i. Identity is understood by constructivism as the social interactions that people of a nation have with each other, which shape their ideas. Constructivism tries to understand the identity of a group or a nation through its historical record, cultural things and sociology. (McDonald, 2012).

ii. A state’s interest is a cultural construction and it has to do with the cultural identity of its citizens. For example, when we see that a state is attacking our state’s liberal values, we consider it a major threat; however, when it comes to buglers or thieves, we don’t get alarmed that much because they are part of our culture. Therefore, when it comes to international security, what may seem as a threat for a state may not be considered such for another (McDonald, 2012).

The second tenet says that “the structures of human association are determined primarily by shared ideas rather than material forces”. Once that constructivism has analyzed the individuals of a nation and knows the interest of the state, it is able to examine how interests can reshape the international system (Wendt, 2014). But, is the international system dynamic? This may be answered by dividing the international system in three elements:

a) States, according to constructivism, are composed by a material structure and an idealist structure. Any modification in the material structure changes the ideal one, and vice versa. Thus, the interest of a state will differ from those of other states, according to their identity (Theys, 2018).

b) Power, understood as military capabilities, is totally variable. Such variation may occur in quantitative terms or in the meaning given to such military capabilities by the idealist structure (Finnemore, 2017). For instance, the friendly relationship between the United States (US) and the United Kingdom is different from the one between the US and North Korea, because there is an intersubjectivity factor to be considered (Theys, 2018).

c) International anarchy, according to Wendt, does not exist as an “ordering principle” but it is “what states make of it” (Wendt, 1995). Therefore, the anarchical system is mutable.

The international system and power competition: a wrong assumption?

The first argument will revolve around the following neorealist assumption: the international system is anarchic by nature and leads to power competition, and this cannot be changed.  To this we add the fact that states are understood as units without content, being qualitatively equal.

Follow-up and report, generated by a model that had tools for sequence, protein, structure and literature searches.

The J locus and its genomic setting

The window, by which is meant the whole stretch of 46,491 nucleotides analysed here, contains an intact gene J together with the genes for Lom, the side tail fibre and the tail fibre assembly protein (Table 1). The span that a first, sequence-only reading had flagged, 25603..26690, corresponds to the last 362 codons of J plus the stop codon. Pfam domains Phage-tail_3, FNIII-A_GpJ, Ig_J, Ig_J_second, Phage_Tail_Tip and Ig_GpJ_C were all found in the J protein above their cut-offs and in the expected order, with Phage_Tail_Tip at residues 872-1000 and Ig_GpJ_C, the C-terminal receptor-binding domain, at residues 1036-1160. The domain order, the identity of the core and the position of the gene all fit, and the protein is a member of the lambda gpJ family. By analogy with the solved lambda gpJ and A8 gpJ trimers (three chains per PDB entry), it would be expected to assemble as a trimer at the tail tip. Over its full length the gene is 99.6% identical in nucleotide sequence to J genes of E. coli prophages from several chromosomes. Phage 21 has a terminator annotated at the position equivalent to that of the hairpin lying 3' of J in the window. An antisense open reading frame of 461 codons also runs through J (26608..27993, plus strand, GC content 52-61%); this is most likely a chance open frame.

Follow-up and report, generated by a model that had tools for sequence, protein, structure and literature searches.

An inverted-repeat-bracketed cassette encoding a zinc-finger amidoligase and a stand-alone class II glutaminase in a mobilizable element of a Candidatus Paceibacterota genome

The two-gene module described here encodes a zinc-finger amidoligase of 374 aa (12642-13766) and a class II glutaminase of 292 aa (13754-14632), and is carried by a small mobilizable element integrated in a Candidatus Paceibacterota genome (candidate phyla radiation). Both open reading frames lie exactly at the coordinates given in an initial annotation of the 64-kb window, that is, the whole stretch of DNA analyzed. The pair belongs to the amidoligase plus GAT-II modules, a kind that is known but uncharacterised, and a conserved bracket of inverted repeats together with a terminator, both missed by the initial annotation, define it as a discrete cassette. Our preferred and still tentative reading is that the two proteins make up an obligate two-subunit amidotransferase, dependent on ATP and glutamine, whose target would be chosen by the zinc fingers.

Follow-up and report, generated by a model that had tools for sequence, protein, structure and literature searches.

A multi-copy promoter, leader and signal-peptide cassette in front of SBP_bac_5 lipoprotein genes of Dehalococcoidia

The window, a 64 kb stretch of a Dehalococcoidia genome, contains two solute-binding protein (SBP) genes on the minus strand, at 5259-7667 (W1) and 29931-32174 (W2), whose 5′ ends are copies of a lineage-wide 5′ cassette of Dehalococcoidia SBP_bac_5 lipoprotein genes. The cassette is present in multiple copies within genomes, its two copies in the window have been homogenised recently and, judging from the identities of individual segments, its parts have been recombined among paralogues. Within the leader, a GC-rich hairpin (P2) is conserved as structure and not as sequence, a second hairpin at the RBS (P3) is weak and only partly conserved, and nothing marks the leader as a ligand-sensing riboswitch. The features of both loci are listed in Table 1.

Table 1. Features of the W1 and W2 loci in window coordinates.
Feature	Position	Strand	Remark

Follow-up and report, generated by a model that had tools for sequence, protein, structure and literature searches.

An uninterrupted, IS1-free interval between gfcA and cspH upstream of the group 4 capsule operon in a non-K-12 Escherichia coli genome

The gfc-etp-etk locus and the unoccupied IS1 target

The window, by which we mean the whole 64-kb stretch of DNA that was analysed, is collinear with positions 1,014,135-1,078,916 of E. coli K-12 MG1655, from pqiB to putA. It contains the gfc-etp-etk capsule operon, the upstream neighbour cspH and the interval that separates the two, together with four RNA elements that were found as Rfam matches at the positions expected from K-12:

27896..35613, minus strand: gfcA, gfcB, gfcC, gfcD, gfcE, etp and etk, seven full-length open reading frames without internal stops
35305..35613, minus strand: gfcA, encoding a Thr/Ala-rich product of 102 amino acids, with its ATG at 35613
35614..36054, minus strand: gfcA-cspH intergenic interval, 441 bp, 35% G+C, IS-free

What would constructivists answer to those statements? Let’s begin with an example that illustrates the weakness of the neorealist argument: to think of states as blank units is problematic. North Korea spends around $10 billion in its military (Craw, 2019), and a similar amount is spent by Taiwan. But the former is perceived as a dangerous threat while the latter isn’t. According to Mearsheimer, we should consider both countries equally powerful and thus equally dangerous, and we should assume that both will do whatever necessary to increase their power. But in reality, we do not think as such: there is a strong consensus on the threat that North Korea represents, while Taiwan isn’t considered a serious threat to anyone (it might have tense relations with China, but that is another issue).

The key to this puzzle is identity. And constructivism looks on culture, traditions and identity to better understand what goes on. The history of North Korea, the wars it has suffered, the Japanese attitude during the Second World War, the Juche ideology, and the way they have been educated enlightens us, and helps us grasp why North Korea’s attitude in the international arena is aggressive according to our standards. One could scrutinize Taiwan’s past in the same manner, to see why has it evolved in such way and is now a flourishing and open society; a world leader in technology and good governance. Nobody would see Taiwan as a serious threat to its national security (with the exception of China, but that is different).

This example could be brought to a bigger scale and it could be said that International Relations are historically and socially constructed, instead of being the inevitable consequence of human nature. It is the states the ones that decide how to behave, and whether to be a good ally or a traitor. And thus the maxim ‘anarchy is what states make of it’, which is better understood in the following fragment (Copeland, 2000; p.188):